Montaury Pimenta, Machado Vieira de Mello
Can you tell us a little about your professional journey to date – how did your career in IP law develop?
I began my IP law career in 1983 at Dannemann Siemsen, working in its contracts department. In 1990 Luiz Edgard Montaury Pimenta and I started our own IP firm and in 2010 we merged with law firm Vieira de Mello, creating the global IP firm that exists today.
I was very fortunate to leave university and immediately enter into the IP world. This opened my mind to several specific issues that need to be considered in IP law, including the need to have a broader, global perspective for matters that you are handling and the need to travel and exchange viewpoints and experiences with colleagues from other jurisdictions.
Over the course of my career, Brazil has developed to become a serious contender in foreign commerce and intellectual property is vital to protect clients’ assets.
How have client demands changed in that time, and how should practitioners in Brazil ensure that they are offering relevant, world-class service to clients?
The IP environment has evolved in harmony with Brazil’s development. In the past we dealt only with rather basic issues derived from trademark infringements, but following Brazil’s advancements we have started to see questions relating to patents, unpatented technology, domain names and all sorts of IP cases.
In addition, clients are asking more difficult and complex questions on an international level.
Therefore, the best advice for local practitioners – which I try to follow myself – is to keep up to date with international developments and to exchange information and professional experiences with foreign colleagues.
Domestic and international conferences are an excellent way to achieve these two goals, as you can participate in discussions and meetings with professionals from around the world.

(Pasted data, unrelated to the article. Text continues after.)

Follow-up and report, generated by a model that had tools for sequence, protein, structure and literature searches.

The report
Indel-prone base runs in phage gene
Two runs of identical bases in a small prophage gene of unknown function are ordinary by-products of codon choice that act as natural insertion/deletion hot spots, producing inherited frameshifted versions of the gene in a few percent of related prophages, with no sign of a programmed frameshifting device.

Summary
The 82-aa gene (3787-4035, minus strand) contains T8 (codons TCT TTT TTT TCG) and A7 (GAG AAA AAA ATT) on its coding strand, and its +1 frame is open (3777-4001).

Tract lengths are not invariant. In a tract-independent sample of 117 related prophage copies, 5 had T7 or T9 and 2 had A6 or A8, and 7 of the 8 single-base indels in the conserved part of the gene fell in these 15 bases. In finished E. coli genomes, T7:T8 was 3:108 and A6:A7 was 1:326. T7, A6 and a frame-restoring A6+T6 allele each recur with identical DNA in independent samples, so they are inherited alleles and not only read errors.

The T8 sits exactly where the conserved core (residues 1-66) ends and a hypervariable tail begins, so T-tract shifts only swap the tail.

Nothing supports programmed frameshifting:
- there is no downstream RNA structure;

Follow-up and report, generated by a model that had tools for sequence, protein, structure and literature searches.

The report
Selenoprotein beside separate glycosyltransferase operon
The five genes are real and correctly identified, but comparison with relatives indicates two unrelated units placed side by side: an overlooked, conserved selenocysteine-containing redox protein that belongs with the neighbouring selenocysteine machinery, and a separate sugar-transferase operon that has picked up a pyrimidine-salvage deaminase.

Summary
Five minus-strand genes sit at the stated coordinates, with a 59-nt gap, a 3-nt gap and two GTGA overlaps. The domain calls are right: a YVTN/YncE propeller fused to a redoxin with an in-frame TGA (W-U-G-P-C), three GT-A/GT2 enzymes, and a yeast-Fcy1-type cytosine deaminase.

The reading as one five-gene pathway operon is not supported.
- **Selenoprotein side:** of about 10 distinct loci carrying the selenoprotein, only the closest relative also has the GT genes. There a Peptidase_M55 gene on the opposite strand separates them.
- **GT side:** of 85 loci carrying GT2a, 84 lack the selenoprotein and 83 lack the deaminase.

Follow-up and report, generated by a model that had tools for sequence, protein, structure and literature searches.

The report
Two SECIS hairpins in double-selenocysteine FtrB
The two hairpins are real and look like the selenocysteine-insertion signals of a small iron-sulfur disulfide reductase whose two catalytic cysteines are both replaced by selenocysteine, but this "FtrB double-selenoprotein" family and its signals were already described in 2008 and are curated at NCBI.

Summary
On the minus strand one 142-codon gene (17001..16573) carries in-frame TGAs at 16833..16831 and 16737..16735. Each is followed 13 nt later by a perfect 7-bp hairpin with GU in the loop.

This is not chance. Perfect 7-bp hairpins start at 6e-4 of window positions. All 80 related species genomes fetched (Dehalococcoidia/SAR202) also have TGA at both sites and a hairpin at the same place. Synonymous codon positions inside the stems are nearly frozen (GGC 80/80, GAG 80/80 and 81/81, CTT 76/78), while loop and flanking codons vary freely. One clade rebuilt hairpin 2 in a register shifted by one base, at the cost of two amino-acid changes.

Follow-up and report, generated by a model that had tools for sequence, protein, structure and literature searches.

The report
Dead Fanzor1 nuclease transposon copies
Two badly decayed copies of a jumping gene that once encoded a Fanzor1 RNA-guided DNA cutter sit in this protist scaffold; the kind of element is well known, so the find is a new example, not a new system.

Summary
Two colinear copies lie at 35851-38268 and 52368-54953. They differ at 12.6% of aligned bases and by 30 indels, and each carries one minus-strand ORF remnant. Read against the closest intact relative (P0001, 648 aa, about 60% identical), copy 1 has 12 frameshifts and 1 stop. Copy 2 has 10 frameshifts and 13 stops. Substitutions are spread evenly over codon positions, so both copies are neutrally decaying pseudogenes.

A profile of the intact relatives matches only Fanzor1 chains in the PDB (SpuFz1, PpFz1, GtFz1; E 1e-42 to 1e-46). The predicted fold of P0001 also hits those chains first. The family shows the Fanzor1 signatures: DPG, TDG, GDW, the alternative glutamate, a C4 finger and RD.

A recent development in the Brazilian trademark environment has been the Senate’s approval of accession to the Madrid Protocol. How important a development is this and what will it mean to rights holders?
It is of great importance as it will indicate to the global IP community that Brazil is a reliable and easy-to-operate market. However, its importance should not be overstated, as we need to advance in other, more relevant matters, such as the patent backlog and the Hague Convention.
Brazilian rights holders will benefit once they are on equal footing with foreign competitors that have been using the Madrid system for years, thus bringing down their operation costs.
In short, we need to profit from this accession and encourage local clients to extend the protection of their intellectual property abroad.
You are actively engaged in domain name disputes and the UDRP is due for review. Would you make any changes to the mechanism or to the way that domain names and trademark disputes are decided?
As a UDRP panellist at the WIPO and the Brazilian Association of Industrial Property Agents, we are constantly updating information and striving to optimise the dispute resolution procedure.
As happens with trademarks, the system has been designed to tackle issues concerning a given state of reality and, once society evolves, it is natural that the previous rules will no longer be enough.
Personally, I agree with the four key principles that the Internet Commerce Association has developed, and which should be present in any update to the UDRP – namely, accountability, uniformity, predictability and balance.
Finally, what do you think are the big trends that will affect IP professionals and owners in Brazil over the next few years?
On the technical side, Brazil needs to improve the way in which cases are examined and decisions are made. Response times need to be reduced for those seeking administrative review, as well as judicial enforcement. Once we have improved this system, we need to look ahead and start to update everything again. It is a never-ending process.
IP professionals should accept that the industry is constantly evolving and that close contact with clients is key.
For rights holders in Brazil, I believe that the primary focus should be on international competition. If Brazil wants to become a global contender, it will need to behave as such and, for national companies, this means pursuing the enhancement of all business tools.